Kochi-based embroidery artist Priya Sreekumar can do wonders with just a needle and thread

Representative image of the art of embroidery

A renaissance of embroidery is underway. With just a needle and thread, Kochi-based artist Priya Sreekumar has sculpted her space in the slow, meditative art of embroidery. Priya has made her foray into the art world with paper crafts. To further immerse herself in the artwork, she even ran a business venture while in college. Going with papercraft for a while, the youngster decided to explore other art forms. Before the first wave of Covid-19, Priya tried the slow and fragile art of hand embroidery. “I wanted to explore art that I could take with me on my travels. Since papercraft is a messy art, it is difficult to carry around when traveling. And that’s when I saw the art of embroidery and it gives everyone the freedom to travel with their art,” says Priya.

A few YouTube tutorials later, Priya saw herself diving into the world of embroidery. She claims the art form has helped her deal with the lockdown blues. Her label ‘Priya Sreekumar’ has embroidery art on all kinds of mediums, be it shoes, bags, jackets, bookmarks, hats, pendants, key chains, portraits and illustrations on the art of the hoop, the list is endless. “If you have an idea, the art of embroidery can be done in any medium,” she adds.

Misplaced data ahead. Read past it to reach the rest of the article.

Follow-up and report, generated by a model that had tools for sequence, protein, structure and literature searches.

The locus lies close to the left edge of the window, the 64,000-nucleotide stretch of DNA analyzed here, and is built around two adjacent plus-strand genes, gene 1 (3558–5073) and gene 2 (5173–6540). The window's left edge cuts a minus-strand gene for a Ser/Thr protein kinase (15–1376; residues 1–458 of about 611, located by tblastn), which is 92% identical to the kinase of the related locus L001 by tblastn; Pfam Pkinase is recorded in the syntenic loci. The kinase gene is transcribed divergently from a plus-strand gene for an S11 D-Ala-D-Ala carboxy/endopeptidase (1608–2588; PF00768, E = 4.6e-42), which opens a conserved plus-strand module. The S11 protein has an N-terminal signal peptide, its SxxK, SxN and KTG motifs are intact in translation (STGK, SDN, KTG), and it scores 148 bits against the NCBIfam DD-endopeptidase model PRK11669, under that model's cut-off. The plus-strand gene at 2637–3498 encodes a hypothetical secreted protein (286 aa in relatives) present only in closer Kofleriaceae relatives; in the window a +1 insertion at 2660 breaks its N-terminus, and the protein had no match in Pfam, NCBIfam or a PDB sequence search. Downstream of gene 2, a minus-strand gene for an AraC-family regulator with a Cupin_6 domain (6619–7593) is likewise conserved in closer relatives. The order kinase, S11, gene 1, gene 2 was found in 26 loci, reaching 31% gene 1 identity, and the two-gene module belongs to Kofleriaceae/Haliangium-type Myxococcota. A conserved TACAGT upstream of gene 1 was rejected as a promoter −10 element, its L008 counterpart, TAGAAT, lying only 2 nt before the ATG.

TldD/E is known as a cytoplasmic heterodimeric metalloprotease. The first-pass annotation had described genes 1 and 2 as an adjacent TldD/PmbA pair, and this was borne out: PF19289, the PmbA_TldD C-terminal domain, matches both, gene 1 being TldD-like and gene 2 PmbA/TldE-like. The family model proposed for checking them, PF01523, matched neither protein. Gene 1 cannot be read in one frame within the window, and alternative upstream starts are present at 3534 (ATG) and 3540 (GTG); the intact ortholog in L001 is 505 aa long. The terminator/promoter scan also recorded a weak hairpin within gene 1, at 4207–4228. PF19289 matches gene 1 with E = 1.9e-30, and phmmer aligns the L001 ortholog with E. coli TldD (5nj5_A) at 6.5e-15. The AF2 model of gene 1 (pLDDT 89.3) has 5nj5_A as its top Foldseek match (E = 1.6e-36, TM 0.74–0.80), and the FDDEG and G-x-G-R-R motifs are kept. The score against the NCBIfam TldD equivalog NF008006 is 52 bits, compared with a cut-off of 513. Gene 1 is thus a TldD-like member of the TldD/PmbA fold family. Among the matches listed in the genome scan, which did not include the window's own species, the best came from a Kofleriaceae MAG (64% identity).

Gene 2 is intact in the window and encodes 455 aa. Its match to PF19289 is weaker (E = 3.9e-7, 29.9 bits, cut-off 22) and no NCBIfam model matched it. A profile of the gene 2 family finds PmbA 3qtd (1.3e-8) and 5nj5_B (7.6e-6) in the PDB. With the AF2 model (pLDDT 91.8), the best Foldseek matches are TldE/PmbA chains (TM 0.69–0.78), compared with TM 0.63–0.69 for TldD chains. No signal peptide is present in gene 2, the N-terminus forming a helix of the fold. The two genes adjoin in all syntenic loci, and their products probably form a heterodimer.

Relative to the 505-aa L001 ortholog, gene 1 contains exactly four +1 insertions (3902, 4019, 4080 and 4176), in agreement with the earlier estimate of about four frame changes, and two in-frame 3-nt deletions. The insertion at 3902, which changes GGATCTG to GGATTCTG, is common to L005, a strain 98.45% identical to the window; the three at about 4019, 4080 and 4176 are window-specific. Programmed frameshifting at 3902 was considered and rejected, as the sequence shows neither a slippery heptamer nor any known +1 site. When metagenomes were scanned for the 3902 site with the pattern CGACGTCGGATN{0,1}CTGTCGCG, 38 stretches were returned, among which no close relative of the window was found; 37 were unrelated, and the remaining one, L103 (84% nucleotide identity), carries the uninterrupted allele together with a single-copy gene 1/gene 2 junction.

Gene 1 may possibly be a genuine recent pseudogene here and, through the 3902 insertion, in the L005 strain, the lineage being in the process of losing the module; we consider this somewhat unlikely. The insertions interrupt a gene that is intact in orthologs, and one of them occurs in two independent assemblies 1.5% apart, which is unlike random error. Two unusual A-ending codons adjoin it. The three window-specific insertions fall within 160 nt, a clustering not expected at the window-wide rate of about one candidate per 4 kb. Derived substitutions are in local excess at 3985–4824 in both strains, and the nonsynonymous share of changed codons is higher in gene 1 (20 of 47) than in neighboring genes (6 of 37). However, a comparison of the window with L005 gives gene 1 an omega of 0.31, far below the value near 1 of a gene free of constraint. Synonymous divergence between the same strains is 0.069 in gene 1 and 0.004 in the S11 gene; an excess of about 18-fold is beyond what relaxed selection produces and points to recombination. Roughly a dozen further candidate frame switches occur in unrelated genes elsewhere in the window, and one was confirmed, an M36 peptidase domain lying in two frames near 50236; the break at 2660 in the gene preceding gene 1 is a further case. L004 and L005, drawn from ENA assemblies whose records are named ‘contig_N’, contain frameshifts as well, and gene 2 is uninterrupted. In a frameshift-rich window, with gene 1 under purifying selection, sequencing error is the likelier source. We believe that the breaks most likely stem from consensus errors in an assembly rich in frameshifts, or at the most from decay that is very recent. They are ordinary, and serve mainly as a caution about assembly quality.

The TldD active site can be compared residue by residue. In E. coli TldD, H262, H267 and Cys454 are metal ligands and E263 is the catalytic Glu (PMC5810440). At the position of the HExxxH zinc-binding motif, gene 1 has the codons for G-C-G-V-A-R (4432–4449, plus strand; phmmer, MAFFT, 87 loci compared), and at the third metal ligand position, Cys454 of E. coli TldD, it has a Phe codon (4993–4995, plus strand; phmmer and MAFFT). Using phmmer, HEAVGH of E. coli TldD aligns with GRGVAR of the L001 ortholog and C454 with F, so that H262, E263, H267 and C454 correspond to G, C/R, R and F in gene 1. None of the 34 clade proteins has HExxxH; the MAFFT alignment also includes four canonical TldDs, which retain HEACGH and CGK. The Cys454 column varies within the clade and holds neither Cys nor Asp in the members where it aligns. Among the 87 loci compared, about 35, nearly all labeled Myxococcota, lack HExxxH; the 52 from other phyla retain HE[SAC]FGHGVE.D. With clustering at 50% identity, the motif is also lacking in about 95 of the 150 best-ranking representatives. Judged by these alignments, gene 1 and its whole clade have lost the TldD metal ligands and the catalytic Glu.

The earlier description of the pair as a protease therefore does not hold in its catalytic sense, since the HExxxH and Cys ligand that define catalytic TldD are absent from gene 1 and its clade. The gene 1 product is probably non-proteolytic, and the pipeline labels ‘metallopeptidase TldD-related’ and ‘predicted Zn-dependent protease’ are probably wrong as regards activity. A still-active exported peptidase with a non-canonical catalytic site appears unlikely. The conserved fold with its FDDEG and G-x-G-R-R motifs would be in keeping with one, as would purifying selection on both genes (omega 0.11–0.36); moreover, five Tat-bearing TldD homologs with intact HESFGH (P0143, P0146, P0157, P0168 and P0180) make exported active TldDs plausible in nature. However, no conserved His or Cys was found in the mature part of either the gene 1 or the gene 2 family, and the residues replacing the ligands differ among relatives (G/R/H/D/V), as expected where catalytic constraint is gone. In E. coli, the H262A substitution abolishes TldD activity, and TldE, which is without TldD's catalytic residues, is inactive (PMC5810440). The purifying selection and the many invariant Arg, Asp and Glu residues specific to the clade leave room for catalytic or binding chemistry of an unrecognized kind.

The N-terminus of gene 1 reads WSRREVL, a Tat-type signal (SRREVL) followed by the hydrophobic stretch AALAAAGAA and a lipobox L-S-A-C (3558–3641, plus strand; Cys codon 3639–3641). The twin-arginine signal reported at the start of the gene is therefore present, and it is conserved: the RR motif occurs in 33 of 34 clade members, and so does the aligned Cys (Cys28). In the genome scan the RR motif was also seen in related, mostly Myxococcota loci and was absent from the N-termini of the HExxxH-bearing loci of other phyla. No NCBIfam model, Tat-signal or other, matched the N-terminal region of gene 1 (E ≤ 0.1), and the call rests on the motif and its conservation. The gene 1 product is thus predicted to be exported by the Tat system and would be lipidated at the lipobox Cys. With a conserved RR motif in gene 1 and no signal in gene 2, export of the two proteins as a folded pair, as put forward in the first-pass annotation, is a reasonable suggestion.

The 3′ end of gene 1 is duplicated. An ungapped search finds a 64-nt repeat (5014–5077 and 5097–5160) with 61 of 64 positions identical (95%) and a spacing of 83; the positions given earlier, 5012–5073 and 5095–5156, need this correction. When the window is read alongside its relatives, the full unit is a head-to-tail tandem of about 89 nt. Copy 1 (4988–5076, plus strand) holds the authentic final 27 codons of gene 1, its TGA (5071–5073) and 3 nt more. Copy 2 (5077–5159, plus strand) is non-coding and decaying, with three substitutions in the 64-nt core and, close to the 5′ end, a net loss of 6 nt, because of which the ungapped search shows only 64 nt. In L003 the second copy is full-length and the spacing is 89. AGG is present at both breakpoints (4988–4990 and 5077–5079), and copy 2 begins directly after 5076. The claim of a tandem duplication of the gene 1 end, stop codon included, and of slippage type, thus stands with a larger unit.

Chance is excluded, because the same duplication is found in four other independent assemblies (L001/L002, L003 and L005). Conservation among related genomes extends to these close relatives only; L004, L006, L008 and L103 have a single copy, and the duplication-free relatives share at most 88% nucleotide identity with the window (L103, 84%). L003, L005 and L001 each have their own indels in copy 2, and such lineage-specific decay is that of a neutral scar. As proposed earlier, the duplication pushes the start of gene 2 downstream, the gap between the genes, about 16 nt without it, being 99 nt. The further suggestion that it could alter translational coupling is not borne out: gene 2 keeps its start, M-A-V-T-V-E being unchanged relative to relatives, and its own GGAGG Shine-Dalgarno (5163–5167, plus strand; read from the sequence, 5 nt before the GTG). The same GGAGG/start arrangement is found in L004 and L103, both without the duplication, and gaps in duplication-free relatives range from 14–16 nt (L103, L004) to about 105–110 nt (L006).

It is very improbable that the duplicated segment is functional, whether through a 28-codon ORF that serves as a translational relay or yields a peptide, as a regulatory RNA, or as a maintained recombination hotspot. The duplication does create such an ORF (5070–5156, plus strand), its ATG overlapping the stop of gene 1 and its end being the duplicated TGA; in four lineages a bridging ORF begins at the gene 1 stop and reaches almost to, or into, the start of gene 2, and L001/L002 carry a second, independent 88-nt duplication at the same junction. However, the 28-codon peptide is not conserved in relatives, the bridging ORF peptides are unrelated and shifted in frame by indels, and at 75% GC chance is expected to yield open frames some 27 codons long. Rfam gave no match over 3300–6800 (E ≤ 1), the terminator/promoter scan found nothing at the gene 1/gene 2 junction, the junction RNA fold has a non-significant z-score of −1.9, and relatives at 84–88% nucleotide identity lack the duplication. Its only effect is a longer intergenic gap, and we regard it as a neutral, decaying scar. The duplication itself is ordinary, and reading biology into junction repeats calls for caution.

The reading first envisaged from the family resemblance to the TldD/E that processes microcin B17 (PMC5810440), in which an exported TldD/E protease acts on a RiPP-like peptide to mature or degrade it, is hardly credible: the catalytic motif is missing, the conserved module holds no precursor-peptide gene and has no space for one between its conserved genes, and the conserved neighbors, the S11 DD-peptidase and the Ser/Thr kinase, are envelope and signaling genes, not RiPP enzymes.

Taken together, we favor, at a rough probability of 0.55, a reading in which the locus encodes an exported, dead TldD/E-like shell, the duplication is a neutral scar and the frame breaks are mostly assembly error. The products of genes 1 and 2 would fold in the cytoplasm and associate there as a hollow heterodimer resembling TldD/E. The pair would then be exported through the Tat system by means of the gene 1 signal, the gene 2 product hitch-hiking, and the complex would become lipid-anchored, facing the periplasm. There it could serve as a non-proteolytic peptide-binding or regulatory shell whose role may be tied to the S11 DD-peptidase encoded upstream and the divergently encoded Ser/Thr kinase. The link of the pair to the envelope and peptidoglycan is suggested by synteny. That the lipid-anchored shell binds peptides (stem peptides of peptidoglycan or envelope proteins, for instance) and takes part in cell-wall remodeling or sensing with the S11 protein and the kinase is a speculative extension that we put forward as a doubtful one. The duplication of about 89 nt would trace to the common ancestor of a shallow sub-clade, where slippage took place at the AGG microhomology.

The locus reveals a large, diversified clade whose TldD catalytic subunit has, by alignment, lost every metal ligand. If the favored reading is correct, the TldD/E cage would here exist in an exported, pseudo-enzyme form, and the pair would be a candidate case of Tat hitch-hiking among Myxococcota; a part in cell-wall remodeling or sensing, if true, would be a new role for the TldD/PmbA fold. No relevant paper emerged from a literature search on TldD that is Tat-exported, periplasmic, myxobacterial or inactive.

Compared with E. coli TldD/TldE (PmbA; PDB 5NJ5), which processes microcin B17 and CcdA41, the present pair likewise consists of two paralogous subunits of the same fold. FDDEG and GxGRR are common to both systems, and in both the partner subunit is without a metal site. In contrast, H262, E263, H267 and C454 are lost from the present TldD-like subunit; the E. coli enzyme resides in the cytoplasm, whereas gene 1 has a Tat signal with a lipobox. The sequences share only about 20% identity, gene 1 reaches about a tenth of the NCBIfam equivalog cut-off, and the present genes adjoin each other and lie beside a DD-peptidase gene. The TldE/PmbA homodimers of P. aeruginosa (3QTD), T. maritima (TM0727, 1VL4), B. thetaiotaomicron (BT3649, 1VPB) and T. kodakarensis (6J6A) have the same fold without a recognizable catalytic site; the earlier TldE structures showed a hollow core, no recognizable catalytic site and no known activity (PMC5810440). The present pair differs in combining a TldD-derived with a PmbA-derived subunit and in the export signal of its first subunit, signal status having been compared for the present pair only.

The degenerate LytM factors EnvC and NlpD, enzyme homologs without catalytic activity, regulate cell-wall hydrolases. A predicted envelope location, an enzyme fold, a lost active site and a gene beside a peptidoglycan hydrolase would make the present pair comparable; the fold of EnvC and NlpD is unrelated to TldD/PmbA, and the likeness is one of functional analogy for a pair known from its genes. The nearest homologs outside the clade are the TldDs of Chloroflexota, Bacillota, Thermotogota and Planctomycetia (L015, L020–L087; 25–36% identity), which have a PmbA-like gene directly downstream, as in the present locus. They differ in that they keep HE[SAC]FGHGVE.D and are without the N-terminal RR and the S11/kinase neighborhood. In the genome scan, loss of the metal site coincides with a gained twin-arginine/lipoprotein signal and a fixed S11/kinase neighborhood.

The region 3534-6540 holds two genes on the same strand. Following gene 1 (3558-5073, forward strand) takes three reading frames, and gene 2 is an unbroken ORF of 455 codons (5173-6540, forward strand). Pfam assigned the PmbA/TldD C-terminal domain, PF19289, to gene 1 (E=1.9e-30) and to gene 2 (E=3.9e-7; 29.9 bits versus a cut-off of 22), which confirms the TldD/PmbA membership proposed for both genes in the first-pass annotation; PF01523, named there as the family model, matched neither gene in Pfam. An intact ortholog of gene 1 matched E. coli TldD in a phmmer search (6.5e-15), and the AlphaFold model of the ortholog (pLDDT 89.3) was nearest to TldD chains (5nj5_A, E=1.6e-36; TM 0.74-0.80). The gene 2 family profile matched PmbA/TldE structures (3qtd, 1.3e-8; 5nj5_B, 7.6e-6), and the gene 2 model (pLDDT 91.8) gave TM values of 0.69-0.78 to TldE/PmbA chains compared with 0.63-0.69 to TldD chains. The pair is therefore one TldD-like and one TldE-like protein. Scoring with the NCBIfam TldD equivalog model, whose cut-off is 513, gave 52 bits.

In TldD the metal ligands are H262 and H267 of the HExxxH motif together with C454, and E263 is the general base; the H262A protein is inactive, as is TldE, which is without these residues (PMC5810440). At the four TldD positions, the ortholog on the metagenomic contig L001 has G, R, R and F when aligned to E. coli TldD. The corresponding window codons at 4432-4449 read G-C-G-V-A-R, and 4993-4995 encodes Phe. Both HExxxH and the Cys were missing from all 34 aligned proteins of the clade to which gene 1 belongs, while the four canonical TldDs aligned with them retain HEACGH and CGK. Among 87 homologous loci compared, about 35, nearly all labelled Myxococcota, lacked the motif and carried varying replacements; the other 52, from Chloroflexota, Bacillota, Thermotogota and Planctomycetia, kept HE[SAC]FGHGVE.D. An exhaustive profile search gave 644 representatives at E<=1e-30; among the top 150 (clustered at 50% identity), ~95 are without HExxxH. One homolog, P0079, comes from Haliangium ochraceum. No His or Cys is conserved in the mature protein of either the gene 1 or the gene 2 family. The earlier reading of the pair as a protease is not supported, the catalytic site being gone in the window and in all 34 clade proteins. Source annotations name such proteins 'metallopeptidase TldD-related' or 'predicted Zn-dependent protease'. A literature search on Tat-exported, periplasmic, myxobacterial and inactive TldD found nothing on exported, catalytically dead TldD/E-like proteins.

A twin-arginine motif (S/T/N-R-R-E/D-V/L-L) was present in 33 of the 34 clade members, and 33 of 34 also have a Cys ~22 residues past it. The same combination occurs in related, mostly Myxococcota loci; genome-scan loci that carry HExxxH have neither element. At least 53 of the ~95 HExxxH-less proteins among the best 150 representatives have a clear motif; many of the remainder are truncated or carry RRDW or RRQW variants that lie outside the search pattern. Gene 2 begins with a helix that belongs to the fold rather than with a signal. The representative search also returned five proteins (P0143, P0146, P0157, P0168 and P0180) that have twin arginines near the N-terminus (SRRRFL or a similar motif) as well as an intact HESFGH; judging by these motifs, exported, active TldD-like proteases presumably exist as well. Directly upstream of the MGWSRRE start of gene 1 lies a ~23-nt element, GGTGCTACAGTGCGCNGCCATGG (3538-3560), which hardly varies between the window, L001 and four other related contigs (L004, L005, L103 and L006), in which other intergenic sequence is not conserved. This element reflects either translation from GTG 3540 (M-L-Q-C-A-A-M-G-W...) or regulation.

Embroidery is a slow art and takes a lot of effort, she says. “It’s a soothing and exciting art too. The therapeutic art form also comes with a set of challenges. If one point goes wrong, you have to start it again. The possibilities are immense when it comes to the art of embroidery,” she says. The stitches used are mostly basic stitches, such as back stitch, satin stitch, stem stitch, French knots, etc.

“One can do any art knowing only the basic stitches. It is comfortable to work with the basic stitches. I also sometimes do complex art using advanced methods,” says Priya. art is about self-expression. As an artist, all Priya tries to do is communicate and connect with people through her art. “You have to make a person feel deep, then you created art,” she says.